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By Sara Mersha
December 12th, 2011
As UN negotiators sat in their air conditioned rooms during the last official day of the United Nations climate negotiations, I had a chance to visit a community in Pateque, Mozambique. I spoke with members of the National Peasants Union (UNAC), a member organization of the Via Campesina. They described the ways they have been impacted by climate change: the summer is hotter than they can ever remember, and they showed me large tracts of empty land where the sun had burned many of their crops (including tomatoes and cucumbers).
Right now, government representatives from around the world are gathered in Durban, South Africa, for the 2011 United Nations Climate Change Conference – better known as the 17th Conference of the Parties (COP17). Historically, these closed-door meetings are where some of the world’s largest polluting countries – including the United States – discuss (and occasionally adopt) global climate policy. At last year’s COP16 meeting in Cancun, Mexico, these governments negotiated the details of polluting and land-grabbing projects like REDD (Reducing Emissions from Deforestation and Forest Degradation) and other carbon-trading schemes, which are fundamentally about profit – not forests, not people, and not global w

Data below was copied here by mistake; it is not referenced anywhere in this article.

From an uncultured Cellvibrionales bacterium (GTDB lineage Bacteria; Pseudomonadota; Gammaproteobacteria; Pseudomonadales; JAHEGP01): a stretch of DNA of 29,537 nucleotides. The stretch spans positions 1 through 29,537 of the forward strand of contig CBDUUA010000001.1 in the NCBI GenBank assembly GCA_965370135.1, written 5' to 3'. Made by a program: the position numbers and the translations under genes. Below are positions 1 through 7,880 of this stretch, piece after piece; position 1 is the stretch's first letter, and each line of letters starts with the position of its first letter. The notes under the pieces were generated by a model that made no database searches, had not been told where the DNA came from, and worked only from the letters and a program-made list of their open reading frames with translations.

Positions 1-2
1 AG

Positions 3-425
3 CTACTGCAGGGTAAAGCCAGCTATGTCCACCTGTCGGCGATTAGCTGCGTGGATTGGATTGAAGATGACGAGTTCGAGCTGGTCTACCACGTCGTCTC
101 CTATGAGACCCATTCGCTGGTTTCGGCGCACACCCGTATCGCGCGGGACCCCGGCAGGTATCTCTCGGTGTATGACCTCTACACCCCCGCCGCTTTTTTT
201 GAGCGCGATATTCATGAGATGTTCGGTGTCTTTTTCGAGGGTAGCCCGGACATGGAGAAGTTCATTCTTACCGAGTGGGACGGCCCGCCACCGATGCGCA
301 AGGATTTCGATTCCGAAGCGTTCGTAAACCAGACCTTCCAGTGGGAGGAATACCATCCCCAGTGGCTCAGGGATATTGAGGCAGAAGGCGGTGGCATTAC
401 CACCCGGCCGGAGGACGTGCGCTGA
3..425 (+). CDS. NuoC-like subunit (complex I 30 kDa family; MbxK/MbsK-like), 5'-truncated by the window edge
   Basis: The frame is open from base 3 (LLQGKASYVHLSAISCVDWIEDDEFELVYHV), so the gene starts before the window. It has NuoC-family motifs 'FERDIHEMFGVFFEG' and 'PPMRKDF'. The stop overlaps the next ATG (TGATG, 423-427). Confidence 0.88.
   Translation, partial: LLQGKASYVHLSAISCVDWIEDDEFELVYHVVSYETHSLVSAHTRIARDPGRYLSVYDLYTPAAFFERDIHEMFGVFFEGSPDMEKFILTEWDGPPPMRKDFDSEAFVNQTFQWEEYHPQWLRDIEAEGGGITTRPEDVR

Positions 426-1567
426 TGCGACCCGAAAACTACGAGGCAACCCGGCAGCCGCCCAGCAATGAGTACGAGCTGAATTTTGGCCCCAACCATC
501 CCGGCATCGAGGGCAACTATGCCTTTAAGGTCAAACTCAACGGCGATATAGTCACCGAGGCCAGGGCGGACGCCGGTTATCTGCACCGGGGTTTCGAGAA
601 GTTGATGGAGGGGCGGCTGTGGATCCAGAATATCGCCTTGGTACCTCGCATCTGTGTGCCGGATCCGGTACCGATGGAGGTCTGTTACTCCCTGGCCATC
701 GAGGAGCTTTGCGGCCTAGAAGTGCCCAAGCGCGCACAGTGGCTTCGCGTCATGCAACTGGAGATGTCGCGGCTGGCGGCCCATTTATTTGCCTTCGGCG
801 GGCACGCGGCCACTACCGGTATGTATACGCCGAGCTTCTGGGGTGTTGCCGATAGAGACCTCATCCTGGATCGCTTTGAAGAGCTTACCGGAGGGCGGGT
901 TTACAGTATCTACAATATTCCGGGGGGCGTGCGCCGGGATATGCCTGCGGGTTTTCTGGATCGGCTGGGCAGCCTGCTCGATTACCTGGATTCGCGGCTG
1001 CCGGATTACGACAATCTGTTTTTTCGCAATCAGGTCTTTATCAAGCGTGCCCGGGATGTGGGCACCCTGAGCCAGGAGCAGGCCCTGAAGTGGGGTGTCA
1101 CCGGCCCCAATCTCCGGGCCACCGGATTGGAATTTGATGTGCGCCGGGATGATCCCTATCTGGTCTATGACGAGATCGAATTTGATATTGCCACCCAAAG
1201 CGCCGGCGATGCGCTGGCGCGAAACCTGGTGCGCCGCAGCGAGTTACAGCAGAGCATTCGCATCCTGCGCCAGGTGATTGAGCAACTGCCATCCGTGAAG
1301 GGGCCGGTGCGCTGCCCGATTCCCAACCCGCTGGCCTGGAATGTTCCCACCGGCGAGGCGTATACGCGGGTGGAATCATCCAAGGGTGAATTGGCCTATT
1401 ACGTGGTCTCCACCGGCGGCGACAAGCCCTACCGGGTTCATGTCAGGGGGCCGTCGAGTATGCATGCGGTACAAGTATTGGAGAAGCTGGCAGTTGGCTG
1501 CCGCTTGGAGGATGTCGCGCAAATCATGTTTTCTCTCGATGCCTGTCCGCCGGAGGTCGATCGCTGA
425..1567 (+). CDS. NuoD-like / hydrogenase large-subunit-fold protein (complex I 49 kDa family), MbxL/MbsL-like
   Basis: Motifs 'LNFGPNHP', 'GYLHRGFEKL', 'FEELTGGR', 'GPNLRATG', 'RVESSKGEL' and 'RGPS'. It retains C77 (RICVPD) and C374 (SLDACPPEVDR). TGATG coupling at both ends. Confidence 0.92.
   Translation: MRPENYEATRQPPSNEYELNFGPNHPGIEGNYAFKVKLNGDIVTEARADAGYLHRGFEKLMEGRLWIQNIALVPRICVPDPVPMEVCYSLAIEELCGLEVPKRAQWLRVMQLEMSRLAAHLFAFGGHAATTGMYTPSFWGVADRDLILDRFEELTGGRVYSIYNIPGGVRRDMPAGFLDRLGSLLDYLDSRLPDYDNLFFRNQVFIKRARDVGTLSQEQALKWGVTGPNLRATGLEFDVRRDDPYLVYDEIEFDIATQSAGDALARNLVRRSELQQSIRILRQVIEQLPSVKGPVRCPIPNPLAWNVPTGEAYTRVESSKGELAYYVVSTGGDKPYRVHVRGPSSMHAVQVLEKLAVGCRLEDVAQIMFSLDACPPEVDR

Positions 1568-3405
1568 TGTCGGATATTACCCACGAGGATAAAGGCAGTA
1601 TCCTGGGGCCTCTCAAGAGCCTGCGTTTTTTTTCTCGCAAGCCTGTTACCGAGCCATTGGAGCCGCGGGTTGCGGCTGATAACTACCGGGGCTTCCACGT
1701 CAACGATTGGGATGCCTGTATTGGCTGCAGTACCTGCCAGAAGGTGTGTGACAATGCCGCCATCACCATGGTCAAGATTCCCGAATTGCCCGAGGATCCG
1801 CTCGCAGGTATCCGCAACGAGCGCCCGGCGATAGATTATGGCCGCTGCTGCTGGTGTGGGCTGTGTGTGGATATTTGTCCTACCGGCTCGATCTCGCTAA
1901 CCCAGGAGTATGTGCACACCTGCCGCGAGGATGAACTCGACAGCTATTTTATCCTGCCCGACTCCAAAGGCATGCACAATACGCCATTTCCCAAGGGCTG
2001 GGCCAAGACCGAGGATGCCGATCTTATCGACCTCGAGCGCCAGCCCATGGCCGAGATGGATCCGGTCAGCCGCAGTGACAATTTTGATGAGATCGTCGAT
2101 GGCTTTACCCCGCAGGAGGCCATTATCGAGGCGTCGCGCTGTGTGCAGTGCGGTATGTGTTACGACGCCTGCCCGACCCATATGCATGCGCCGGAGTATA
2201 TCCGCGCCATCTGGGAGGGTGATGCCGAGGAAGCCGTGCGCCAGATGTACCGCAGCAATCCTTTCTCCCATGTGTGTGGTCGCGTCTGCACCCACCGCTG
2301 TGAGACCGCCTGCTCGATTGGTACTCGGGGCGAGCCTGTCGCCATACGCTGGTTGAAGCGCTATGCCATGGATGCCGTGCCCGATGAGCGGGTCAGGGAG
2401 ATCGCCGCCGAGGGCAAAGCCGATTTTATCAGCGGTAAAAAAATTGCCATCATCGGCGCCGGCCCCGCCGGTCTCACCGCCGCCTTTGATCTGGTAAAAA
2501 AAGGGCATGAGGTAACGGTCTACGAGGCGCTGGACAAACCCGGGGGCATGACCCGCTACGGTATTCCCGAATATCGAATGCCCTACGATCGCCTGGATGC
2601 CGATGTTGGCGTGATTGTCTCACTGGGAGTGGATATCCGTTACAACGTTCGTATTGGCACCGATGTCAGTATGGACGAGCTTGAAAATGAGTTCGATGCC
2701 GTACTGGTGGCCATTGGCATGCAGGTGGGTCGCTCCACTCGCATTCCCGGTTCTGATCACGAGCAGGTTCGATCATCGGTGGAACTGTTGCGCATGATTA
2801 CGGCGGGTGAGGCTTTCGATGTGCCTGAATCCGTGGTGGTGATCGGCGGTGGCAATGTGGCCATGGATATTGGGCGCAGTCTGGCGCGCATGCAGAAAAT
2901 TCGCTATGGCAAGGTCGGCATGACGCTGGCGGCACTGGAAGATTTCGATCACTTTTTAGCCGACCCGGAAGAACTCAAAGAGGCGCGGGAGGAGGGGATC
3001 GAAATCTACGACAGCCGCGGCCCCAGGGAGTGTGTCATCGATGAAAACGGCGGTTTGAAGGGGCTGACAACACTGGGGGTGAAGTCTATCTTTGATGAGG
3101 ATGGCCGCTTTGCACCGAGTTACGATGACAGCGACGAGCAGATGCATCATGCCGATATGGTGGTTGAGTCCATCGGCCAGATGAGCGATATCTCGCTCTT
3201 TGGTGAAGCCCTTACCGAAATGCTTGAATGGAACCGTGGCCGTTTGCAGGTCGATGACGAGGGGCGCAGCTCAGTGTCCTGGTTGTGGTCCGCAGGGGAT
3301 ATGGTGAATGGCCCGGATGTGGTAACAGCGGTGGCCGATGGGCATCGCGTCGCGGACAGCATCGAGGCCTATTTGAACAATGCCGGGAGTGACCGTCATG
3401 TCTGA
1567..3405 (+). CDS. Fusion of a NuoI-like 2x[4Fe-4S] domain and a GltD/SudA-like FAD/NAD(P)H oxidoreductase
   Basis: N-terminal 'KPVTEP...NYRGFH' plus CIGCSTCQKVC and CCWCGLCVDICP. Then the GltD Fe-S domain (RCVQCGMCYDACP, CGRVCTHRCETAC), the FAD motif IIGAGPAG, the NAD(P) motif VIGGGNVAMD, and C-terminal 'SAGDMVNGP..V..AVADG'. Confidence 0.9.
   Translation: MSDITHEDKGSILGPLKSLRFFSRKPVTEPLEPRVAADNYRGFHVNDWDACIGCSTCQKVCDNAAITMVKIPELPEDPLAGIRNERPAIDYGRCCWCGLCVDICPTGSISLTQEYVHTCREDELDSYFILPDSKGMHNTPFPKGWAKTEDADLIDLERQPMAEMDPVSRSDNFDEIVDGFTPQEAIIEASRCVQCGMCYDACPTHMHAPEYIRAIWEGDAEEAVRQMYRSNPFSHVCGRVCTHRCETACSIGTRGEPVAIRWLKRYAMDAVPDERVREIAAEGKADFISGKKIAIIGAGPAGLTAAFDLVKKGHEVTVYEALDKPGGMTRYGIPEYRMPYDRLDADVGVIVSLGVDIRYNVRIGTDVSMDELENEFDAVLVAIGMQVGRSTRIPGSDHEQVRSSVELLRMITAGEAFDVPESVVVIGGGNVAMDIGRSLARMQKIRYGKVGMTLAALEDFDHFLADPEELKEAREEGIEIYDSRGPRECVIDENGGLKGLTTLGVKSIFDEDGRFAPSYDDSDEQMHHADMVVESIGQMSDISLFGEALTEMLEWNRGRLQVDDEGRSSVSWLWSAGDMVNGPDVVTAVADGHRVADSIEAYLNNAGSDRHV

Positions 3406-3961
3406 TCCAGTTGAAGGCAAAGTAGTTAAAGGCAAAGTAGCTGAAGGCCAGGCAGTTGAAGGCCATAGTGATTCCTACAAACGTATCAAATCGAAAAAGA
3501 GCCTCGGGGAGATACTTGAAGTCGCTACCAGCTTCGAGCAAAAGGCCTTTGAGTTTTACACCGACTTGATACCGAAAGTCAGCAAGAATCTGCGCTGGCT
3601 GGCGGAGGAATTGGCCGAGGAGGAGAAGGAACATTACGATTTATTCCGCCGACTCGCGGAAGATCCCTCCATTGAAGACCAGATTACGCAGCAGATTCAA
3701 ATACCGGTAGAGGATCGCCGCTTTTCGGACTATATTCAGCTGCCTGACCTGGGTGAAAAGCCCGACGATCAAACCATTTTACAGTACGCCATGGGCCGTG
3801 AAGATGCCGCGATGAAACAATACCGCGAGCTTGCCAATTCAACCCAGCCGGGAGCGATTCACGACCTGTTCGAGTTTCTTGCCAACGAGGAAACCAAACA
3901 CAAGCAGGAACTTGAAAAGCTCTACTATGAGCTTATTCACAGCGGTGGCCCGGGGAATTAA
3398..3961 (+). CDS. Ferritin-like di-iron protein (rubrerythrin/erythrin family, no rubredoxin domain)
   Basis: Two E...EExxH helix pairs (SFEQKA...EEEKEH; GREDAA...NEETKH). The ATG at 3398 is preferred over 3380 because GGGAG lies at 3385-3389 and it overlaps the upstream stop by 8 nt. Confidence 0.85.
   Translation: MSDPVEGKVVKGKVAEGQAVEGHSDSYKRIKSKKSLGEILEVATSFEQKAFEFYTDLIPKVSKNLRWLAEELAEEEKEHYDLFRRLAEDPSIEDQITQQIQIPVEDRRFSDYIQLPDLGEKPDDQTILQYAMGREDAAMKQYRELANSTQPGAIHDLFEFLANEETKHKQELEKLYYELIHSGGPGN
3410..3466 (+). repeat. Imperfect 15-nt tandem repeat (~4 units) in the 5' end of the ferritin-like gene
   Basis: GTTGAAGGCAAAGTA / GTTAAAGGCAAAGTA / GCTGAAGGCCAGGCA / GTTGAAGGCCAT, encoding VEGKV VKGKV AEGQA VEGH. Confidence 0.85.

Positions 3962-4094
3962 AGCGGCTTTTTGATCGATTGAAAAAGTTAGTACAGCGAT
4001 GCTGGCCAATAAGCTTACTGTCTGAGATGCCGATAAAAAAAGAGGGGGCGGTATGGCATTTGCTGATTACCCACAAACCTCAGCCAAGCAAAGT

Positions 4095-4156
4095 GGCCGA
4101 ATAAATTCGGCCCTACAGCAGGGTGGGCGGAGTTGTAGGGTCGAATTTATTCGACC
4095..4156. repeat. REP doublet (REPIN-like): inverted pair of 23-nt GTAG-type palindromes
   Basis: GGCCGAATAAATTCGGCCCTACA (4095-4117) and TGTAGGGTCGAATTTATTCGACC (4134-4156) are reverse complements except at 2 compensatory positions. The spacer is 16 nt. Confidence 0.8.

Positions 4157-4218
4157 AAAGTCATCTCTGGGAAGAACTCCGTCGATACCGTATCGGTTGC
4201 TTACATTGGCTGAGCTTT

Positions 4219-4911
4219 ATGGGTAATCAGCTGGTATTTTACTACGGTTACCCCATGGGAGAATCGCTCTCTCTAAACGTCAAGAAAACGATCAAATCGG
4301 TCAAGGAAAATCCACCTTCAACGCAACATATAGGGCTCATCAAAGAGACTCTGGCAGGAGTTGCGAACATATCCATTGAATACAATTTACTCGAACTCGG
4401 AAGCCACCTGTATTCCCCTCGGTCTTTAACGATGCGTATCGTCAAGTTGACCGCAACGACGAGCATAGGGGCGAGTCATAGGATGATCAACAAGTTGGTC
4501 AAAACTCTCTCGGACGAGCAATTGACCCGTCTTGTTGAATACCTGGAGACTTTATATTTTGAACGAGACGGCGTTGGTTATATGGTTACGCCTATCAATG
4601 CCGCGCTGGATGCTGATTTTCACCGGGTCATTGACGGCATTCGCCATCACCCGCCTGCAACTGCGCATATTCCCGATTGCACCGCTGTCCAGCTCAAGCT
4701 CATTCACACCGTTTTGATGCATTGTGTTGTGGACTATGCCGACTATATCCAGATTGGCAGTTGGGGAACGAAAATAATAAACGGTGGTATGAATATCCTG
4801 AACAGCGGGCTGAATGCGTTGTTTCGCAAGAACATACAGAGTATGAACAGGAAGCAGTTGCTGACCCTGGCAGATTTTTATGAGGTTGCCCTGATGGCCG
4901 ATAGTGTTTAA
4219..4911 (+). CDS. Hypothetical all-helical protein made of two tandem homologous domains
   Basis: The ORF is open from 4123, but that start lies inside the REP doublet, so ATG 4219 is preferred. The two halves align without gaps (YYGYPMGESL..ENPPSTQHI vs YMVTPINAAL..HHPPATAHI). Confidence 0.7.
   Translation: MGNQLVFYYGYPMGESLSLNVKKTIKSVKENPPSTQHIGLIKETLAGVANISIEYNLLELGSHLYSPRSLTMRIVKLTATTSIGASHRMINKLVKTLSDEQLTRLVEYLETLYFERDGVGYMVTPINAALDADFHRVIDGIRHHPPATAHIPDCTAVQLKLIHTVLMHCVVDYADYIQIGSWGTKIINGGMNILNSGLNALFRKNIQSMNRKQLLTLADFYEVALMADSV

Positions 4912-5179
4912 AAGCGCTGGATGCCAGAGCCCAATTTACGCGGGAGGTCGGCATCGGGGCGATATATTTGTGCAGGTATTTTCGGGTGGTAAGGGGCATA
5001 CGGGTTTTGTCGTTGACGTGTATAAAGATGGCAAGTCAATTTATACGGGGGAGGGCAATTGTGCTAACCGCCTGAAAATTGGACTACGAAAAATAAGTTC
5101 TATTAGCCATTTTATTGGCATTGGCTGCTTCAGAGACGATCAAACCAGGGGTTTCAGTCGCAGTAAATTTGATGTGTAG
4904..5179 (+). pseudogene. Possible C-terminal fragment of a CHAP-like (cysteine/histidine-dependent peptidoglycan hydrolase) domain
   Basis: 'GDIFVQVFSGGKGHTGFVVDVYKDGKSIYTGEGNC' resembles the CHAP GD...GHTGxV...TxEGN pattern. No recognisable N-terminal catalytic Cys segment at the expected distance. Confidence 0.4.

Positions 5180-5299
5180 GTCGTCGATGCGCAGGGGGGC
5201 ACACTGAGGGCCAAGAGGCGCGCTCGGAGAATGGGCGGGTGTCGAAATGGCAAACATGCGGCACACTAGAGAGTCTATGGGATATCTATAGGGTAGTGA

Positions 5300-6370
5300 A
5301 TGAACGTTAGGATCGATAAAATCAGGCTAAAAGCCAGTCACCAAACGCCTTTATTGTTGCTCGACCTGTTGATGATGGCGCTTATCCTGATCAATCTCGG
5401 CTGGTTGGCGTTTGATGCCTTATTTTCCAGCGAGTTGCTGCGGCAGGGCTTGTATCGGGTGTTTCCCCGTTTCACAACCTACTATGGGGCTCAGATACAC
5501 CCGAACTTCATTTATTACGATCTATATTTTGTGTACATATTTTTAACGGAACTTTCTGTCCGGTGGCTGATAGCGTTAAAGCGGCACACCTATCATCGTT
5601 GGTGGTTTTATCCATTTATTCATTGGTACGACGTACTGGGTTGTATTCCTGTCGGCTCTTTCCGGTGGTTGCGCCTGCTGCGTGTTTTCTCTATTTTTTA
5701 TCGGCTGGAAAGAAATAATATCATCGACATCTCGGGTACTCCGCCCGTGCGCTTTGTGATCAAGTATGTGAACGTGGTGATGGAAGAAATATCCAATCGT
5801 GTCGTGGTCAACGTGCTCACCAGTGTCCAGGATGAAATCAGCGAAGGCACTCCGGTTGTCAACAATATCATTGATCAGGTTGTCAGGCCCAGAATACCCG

Like most other market-based solutions, REDD (Reducing Emissions from Deforestation and Forest Degradation), and its more recent avatar REDD +, are fundamentally about profit – not forests, not people, and not global warming or the climate.
In order to fix the broken food system, we need to de-colonize our minds. What do I mean about "de-colonize"? To understand that, do this short exercise. What comes to your mind, when you hear the word “Agriculture?” Is it a tree, a head of lettuce or vast endless fields somewhere in the US Midwest?
If the first thing came to your mind was a vast field of a single crop (such as endless rows of corn), you are certainly not alone. For decades, both consumers and farmers have been educated to think of agriculture as an industry of monocrops. The end of small, integrated farm plots (i.e. real food) coincided with the advent of industrial agriculture and the launch of the “Green Revolution.”
Amnesty International released a report on indigenous rights this week called “Sacrificing Rights in the Name of Development: Indigenous Peoples Under Threat in the Americas,” which exposes the impact of development projects throughout the continent. In its own words:
By Alicia Tozour
In this third blog of the Field Notes series, Grassroots’ Program Coordinator for Latin America Saulo Araújo analyzes the situation in which Guatemala’s indigenous Mayans are facing fear and despair in their own land. Saulo is currently visiting partners and ally organizations in Central America.
When they heard about the work opportunity in another town, the peasants didn’t hesitate. Within just a few days, they left home to work for Otto Salguero, a wealthy cattle rancher who reportedly had jobs for all of them. After endless hours on a bus, the men showed up to work – hard work – but together they slowly and steadily adjusted to it.
This blog is part of a series of blogs that Grassroots’ Latin America Program Coordinator, Saulo Araújo will be posting during his site visit to Central America. Through the “Field Notes” blogs, Saulo will share contextual analysis and information from partners and allies.